NYAFF 2011: MILOCRORZE: A LOVE STORY Review
The film's director Yoshimasa Ishibashi is a multimedia maestro, the world of filmmaking being only one arena he spends time doing battle in. An artist and designer in only the biggest and boldest, most incendiary ways -- he's the co-creator of TV variety show Vermilion Pleasure Night. The thing that spearheads much of Ishibashi's body of work is a topsy-turvy love affair with 50s and 60s pop culture, and that very particular Japanese take on western domestic life (see VPN skit and spin-off The Fuccons). His work bubbles over with fruit juice flavors and punchy colors -- think Van Gogh... if he grew up watching Sesame Street and a string of late-night b-movies.
And so here we have Milocrorze, probably Ishibashi's most mature piece to date.
Just think... there is that one girl you'd do anything for. You're mad about her. She's the girl you'd follow through space and time, through every possible dimension imaginable. It's all for her. You know it, and you'll fight tooth and nail, and if you fail, then fuck it, hide your heart away, because no one else is gonna do.
That is Milocrorze, a surprisingly poignant and philosophical (via way of psychedelia) take on obsessive love and the male psyche. Its three pop parables are strung together by these themes, some rather ingenious transitions, a giant fluffy cat, and most importantly, leading man Takayuki Yamada, who is one hell of a chameleon. Nasty and insipid as a misogynistic relationship coach; bound by love as a vengeful samurai; sweet and shy as a lovelorn man-child; this film is an assured calling card for Yamada's passionate and versatile abilities as an actor.
Ishibashi creates three distinct worlds for these characters to play in. On a cheerful, storybook-esque planet, 7-year old office drone Ovreneli Vreneligare meets, and falls for the ageless beauty Milocrorze. The boy grows up to become the heart-broken Yamada, living in a much more stylistically somber world. This story beautifully bookends the film.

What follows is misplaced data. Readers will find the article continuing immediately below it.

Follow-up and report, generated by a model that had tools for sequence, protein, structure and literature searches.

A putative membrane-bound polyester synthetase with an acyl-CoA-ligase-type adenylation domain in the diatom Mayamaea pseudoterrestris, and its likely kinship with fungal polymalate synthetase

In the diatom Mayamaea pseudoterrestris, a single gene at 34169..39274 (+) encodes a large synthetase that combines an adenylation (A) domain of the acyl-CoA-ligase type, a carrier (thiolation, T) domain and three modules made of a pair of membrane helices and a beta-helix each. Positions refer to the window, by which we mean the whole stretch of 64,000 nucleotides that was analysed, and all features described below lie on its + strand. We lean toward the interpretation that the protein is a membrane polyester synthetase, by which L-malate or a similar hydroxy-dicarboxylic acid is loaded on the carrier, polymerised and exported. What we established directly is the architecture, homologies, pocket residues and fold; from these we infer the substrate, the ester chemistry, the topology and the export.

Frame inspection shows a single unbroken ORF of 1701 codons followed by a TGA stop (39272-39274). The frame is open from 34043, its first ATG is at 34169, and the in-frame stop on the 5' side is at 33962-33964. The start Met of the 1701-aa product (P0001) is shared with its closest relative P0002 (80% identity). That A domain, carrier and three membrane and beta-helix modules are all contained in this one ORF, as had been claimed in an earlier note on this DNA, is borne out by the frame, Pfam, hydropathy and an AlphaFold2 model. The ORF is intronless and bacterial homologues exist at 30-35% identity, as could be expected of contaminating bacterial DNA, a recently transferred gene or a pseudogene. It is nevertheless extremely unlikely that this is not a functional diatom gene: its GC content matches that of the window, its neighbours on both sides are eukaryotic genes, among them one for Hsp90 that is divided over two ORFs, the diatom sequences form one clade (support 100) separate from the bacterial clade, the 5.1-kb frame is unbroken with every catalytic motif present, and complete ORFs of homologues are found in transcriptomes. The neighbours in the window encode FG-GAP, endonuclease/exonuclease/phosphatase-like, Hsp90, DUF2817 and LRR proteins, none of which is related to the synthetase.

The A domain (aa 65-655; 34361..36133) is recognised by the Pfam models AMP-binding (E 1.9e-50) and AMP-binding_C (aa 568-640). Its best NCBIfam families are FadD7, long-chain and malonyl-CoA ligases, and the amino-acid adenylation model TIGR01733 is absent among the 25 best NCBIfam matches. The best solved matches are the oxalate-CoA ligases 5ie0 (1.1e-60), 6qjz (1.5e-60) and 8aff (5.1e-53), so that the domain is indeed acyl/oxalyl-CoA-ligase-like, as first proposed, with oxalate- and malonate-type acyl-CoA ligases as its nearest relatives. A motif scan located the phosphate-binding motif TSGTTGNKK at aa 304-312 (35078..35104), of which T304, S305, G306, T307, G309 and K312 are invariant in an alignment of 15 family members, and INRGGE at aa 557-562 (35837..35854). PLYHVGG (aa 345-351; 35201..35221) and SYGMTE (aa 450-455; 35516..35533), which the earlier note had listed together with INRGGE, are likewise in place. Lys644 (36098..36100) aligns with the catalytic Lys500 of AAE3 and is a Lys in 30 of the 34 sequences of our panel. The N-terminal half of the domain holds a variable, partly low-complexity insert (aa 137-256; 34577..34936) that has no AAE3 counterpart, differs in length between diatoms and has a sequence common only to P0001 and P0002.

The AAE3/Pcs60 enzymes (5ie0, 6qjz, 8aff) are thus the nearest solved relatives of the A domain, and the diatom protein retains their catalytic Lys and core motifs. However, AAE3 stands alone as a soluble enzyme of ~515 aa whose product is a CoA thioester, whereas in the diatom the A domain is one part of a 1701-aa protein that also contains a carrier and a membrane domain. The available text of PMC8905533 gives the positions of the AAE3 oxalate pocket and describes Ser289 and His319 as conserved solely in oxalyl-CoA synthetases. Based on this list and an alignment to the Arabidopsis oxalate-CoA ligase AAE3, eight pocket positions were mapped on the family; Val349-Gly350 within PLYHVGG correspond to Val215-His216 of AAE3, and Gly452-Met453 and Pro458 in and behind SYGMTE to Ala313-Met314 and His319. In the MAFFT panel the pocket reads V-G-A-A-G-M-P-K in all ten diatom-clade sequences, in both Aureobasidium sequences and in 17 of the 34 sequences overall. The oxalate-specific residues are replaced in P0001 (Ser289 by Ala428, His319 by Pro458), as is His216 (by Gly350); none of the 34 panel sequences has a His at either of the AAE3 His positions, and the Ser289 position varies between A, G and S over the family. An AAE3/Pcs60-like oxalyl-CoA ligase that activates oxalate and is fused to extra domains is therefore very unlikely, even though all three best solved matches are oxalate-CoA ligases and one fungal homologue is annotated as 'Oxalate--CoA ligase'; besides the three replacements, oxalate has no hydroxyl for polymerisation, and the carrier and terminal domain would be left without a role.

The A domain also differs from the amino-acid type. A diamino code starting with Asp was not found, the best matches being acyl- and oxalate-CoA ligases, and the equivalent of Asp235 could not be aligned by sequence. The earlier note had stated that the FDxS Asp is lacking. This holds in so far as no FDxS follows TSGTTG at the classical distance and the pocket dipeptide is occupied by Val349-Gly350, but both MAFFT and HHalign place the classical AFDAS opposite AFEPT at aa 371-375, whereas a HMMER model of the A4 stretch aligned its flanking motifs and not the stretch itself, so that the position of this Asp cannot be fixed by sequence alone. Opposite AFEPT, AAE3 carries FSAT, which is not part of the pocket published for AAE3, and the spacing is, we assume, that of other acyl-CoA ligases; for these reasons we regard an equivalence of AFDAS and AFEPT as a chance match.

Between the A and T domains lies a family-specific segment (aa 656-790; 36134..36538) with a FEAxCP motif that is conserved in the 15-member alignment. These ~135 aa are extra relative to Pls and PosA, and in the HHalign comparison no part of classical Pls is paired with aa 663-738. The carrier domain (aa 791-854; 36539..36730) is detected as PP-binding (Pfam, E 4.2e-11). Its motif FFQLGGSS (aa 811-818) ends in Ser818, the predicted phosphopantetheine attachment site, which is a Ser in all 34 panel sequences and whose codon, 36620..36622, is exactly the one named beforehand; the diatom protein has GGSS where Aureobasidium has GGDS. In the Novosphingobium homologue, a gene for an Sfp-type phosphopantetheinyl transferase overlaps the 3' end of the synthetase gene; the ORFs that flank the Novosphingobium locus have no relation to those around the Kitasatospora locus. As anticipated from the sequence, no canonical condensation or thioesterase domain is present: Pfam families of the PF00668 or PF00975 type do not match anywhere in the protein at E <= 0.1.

The relationship coach who yells and dances and bullies his way through life is straight out of 1969. You know, that scenester fantasia, with plenty of funky Euro pop touches, scantly clad, big-haired women and the turtleneck-wearing poindexters that pine for them. This world quite literally crashes into the sort-of futuristic, kind-of feudal Japanese, still-very Parisian land of Tamon and Yuri and their tale of lost love: ronin style.
This is where the brunt of the picture takes place, with one hell of a sword fight as its climax. The fight's use of slow-motion is fully engrossing. It does not just add further style points to the proceedings but creates real emotional gravitas for Tamon's plight. It's a sequence certain western filmmakers could really learn from.
So yes, while Ishibashi derives his style from practically anything and everything under the cinematic sun, Milocrorze ultimately stands as its own, very (and I mean very) unique thing.
This isn't to say the film is perfect. There are some rather long-winded stretches, and a few scenes where emotions drain well before the intended impact. This rarely though, if ever, detracts from one's overall enjoyment of the picture. I just pray this isn't the highlight of Ishibashi's filmography, and so early in too. The guy has oodles of talent, and if he plays his cards right, essentially not falling into the trap of a one-trick pony, he very well could be one of the brightest spots in the next decade of Japanese Cinema.
Thinking of Milocrorze playing to a packed house with one of NYAFF maestro Grady Hendrix's whiz-bang introductions has me giddy with anticipation... and I won't even be in attendance! So while it may not end up being the best film at this year's festival, its splashy and earnest filmmaking is certainly the perfect way to kick off NYAFF's tenth anniversary festivities.
Milocrorze: A Love Story has its North American premiere this Friday, July 1st with Ishibashi and Yamada in attendance. Prior to the screening Yamada will receive the Star Asia Rising Star Award. The film plays again as a co-presentation with Japan Cuts: The New York Festival of Contemporary Japanese Cinema on Sunday, July 10th. Further info and tickets can be found at NYAFF's website.